Personal specifics and math in public

Even at the more favorable 5% delta, the BRS annuity would spit out $454 less starting at age 60 (assuming O-5 with 38 YOS [you accrue YOS for pay purposes while in the retired reserve] and 2017 dollar). That's $5,448 per year. My TSP would need to have 25x that amount for me to safely withdraw $5,448 per year (up for debate, but that's the assumption I'm comfortable with i.e. 4% withdrawal rate). Also not gonna count any money I'm saving, just the government's match since they don't get credit for dollars that are coming out of my wallet in this comparison.

BL: Account balance derived from TSP matches needs to be $136,200 or higher to offset the reduced pension annuity payment.

Assuming 5% annual growth of my investments (up for debate but again, that's the conservative assumption I'm comfortable with), the 5% TSP matching over the course of a 10 year guard career is well short.

As a part-time Guard guy, assuming 123 points is my min-run participation, I'd only be pulling 34% of full-time pay. TSP account value, only considering the government match, at age 60 would be $49,343.

Big picture: if you're going to make it to 20 YOS, either on AD or in the ARC, absolutely do not choose BRS. It's less generous for those full-retirees. Those entering service after the cut-off date who do eventually make it to 20 YOS will be getting a worse deal than their predecessors.

The upside is that BRS gives some benefits to a new category of "retirees," i.e. those who leave the service before 20 YOS but still have something to show for their efforts, namely the government's TSP match.

Showing my work for those who care.

Edit to add: I'm too perfectionist not to actually run the right numbers. Updated my spreadsheet and the post accordingly after realizing two initial errors. This now accounts for an additional 18 years of growth (60 minus my "retirement" age of 42) with no additional contributions for an equivalent withdrawal for both the pension and TSP starting at age 60.

 

Edited by nsplayr
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On 2/19/2017 at 3:42 AM, nsplayr said:

 

You're right that the effect of the pension multiplier reduction is less the fewer points you have. For example:

Old system: 2.5% * 20 years = 50% of high-three

BRS: 2.0% * 20 years = 40% of high-three - a 10% delta

Guard Old system: 2.5% * 10 years in points-equivalent (3,600 points) = 25% of high-three

Guard BRS: 2.0% * 10 years in points-equivalent (3,600 points) = 20% of high-three - a 5% delta

 

 

I think you are confusing how percentages work.  No matter how many points you have, or if you are AD or ARC, a percentage reduction is still the same percentage.  The absolute dollar value in discussion will obviously change, depending on how many years you have on AD, or how many points you have in the ARC, but the way I think about it is in percentages.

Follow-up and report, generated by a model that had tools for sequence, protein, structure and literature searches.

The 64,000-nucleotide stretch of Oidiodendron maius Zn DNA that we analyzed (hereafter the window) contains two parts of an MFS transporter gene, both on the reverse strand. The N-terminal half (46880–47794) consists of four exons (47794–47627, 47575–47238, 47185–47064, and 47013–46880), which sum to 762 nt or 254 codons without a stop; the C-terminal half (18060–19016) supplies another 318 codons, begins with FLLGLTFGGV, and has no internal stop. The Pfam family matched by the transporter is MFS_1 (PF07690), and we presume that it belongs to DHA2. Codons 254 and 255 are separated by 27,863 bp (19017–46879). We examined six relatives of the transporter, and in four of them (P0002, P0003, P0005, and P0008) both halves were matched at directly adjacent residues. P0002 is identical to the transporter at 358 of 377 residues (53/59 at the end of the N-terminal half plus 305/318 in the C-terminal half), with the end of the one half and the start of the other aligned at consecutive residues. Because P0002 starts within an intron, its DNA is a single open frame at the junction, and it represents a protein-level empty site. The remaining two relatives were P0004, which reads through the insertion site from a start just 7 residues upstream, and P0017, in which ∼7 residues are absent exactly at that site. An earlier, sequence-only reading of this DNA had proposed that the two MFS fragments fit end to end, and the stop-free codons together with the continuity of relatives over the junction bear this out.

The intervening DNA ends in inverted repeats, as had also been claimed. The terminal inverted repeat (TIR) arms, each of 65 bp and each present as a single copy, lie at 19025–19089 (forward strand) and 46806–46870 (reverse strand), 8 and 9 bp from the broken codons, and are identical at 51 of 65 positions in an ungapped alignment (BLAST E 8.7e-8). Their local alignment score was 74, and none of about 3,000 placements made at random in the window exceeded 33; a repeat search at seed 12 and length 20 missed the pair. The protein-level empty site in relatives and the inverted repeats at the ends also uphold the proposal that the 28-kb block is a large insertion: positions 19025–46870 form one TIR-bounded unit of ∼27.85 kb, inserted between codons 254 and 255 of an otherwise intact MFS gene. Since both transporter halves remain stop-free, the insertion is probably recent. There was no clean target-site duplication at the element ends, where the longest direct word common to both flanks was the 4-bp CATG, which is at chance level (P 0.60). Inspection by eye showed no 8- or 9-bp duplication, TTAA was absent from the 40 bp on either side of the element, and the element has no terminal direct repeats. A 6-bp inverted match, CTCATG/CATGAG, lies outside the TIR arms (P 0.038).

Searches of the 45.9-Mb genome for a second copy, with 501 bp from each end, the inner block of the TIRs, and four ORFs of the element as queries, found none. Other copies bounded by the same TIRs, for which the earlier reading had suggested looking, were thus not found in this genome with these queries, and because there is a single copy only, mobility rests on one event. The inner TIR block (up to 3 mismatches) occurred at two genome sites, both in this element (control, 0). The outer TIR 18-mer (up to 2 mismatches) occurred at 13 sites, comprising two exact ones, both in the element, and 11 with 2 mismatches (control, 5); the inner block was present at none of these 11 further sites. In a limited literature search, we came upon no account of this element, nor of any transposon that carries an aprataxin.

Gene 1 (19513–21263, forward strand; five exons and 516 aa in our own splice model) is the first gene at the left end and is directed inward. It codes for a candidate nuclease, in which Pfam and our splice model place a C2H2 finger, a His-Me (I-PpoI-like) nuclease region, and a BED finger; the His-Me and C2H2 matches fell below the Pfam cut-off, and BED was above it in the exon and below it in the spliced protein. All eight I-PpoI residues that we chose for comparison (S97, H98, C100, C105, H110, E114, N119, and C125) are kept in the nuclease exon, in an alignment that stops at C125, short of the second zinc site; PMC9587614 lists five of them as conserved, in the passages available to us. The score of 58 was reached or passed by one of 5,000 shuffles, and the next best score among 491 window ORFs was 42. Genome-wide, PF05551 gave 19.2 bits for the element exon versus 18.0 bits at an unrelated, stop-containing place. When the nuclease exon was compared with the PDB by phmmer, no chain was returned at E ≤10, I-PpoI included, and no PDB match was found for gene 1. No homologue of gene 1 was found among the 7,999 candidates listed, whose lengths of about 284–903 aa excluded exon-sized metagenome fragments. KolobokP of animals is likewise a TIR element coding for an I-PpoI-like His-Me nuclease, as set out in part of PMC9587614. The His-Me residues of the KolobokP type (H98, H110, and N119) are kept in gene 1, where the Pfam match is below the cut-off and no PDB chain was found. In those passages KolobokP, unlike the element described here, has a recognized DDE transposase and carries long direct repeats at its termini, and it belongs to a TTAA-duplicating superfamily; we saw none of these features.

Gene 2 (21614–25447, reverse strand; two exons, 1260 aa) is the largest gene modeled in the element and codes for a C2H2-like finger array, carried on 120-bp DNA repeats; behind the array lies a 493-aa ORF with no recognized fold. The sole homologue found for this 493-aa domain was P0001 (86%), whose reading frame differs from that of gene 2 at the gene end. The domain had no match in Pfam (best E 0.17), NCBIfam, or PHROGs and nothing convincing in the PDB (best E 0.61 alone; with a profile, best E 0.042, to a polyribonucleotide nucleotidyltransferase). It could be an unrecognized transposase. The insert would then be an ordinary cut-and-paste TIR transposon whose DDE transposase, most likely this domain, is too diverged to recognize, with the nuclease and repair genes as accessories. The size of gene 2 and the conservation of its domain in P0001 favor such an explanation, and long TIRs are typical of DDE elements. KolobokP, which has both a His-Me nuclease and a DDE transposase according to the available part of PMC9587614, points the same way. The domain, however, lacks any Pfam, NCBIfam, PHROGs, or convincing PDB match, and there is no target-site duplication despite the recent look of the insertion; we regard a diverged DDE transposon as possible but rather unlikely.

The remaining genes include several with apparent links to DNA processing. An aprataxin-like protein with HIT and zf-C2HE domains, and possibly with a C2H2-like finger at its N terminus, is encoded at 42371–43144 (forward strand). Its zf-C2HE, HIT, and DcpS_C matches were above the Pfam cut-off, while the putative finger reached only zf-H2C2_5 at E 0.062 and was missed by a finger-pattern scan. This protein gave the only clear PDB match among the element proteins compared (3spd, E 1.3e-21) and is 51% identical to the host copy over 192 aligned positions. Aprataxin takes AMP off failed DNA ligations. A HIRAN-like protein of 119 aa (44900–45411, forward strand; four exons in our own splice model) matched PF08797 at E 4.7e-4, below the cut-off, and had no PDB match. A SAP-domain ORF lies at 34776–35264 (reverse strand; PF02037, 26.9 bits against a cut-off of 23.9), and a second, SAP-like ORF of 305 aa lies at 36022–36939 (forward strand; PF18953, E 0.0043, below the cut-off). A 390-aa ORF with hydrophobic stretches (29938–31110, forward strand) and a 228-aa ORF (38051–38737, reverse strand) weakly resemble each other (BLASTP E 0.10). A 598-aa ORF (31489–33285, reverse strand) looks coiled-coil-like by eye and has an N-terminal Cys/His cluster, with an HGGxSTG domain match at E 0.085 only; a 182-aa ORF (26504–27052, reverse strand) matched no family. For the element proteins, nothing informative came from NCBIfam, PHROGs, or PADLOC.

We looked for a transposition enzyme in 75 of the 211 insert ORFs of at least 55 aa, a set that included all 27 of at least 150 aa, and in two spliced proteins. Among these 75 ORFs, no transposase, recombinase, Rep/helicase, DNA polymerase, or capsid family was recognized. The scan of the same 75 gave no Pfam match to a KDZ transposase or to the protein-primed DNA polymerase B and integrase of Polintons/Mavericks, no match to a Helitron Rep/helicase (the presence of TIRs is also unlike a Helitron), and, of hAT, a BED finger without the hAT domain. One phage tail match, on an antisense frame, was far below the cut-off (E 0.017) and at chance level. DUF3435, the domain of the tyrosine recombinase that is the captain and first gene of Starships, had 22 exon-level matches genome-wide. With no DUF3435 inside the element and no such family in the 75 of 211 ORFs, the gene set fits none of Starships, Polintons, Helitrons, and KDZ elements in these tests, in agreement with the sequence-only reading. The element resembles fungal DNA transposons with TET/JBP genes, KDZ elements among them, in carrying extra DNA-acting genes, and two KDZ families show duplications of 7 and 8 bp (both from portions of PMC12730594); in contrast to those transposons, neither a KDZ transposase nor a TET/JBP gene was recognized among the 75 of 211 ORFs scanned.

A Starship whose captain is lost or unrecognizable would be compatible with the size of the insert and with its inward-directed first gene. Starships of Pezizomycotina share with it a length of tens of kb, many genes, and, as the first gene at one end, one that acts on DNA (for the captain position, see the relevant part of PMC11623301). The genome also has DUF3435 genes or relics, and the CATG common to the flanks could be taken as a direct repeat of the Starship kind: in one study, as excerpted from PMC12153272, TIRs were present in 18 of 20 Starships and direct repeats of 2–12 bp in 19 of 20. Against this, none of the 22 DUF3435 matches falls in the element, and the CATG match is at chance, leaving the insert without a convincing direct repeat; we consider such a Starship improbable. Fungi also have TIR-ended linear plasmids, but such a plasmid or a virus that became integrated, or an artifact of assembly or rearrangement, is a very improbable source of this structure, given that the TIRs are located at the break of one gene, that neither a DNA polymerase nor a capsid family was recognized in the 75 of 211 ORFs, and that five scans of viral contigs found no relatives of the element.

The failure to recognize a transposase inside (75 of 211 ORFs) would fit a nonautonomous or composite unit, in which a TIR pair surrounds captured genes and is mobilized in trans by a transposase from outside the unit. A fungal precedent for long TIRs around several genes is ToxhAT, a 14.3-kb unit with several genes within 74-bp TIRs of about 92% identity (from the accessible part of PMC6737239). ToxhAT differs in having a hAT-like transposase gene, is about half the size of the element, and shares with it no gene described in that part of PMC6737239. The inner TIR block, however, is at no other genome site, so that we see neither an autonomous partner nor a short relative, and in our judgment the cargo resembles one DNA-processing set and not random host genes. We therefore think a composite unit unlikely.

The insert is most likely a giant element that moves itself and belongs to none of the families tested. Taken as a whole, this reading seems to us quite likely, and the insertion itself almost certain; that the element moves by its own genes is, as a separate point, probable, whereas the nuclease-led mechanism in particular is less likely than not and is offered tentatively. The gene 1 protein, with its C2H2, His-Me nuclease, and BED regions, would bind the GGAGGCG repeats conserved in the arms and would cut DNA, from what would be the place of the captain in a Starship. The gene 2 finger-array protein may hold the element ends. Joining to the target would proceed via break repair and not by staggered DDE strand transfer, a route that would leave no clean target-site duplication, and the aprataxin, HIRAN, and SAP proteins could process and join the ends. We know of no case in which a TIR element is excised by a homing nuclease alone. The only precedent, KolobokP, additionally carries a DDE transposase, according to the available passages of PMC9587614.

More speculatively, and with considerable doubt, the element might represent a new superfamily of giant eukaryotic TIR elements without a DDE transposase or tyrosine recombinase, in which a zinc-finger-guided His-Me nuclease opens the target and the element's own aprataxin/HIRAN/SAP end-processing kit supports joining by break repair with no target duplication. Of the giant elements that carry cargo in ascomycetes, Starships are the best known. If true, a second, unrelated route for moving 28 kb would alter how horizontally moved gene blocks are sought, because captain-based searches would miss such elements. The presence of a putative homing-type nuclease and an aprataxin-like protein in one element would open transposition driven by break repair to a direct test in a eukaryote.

Not sure if you are talking about something different, but your % deltas are all wrong according to how I learned math.  

AD Old System - 50% retirement

AD BRS - 40% retirement

This is a 20% reduction in retirement pay, not a 10% reduction.  Put differently, 40 is equal to 80 percent of 50.  

Guard Old System (assume 10 years/3600 points) - 25% retirement

Guard BRS System - 20% retirement

This is a 20% reduction in retirement pay, not a 5% reduction.  20 is equal to 80 percent of 25.  The absolute dollar amounts don't really matter for comparing the two because both are equal to a 20% pay cut in retirement, no matter how many years AD or points in the ARC you have.   

 

Plugging real numbers in, assume your high-3 is $100K annual salary

AD Old System - $50K/year retirement

AD BRS - $40K/year retirement - that's 20% less than $50K per year in retirement

Guard Old System - $25K/year retirement

Guard BRS - $20K/year retirement - this is 20% less than making $25K/year in retirement.  

 

I think we come to the same conclusion - if you are definitely staying for 20, stay in the old system, because you have to make up a 20% per year loss in retirement pay, which would be very difficult even with the TSP matching and years for your investments to grow.   If you are definitely getting out before 20, do the BRS.  If you're not sure, well, it's time to be decisive.  

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Yea, you're correct.

What I meant, more accurately, is that AD/Guard old system vs AD/Guard BRS is a reduction in the multiplier, which works out to 20% less money in your pocket regardless of how many years or points you have.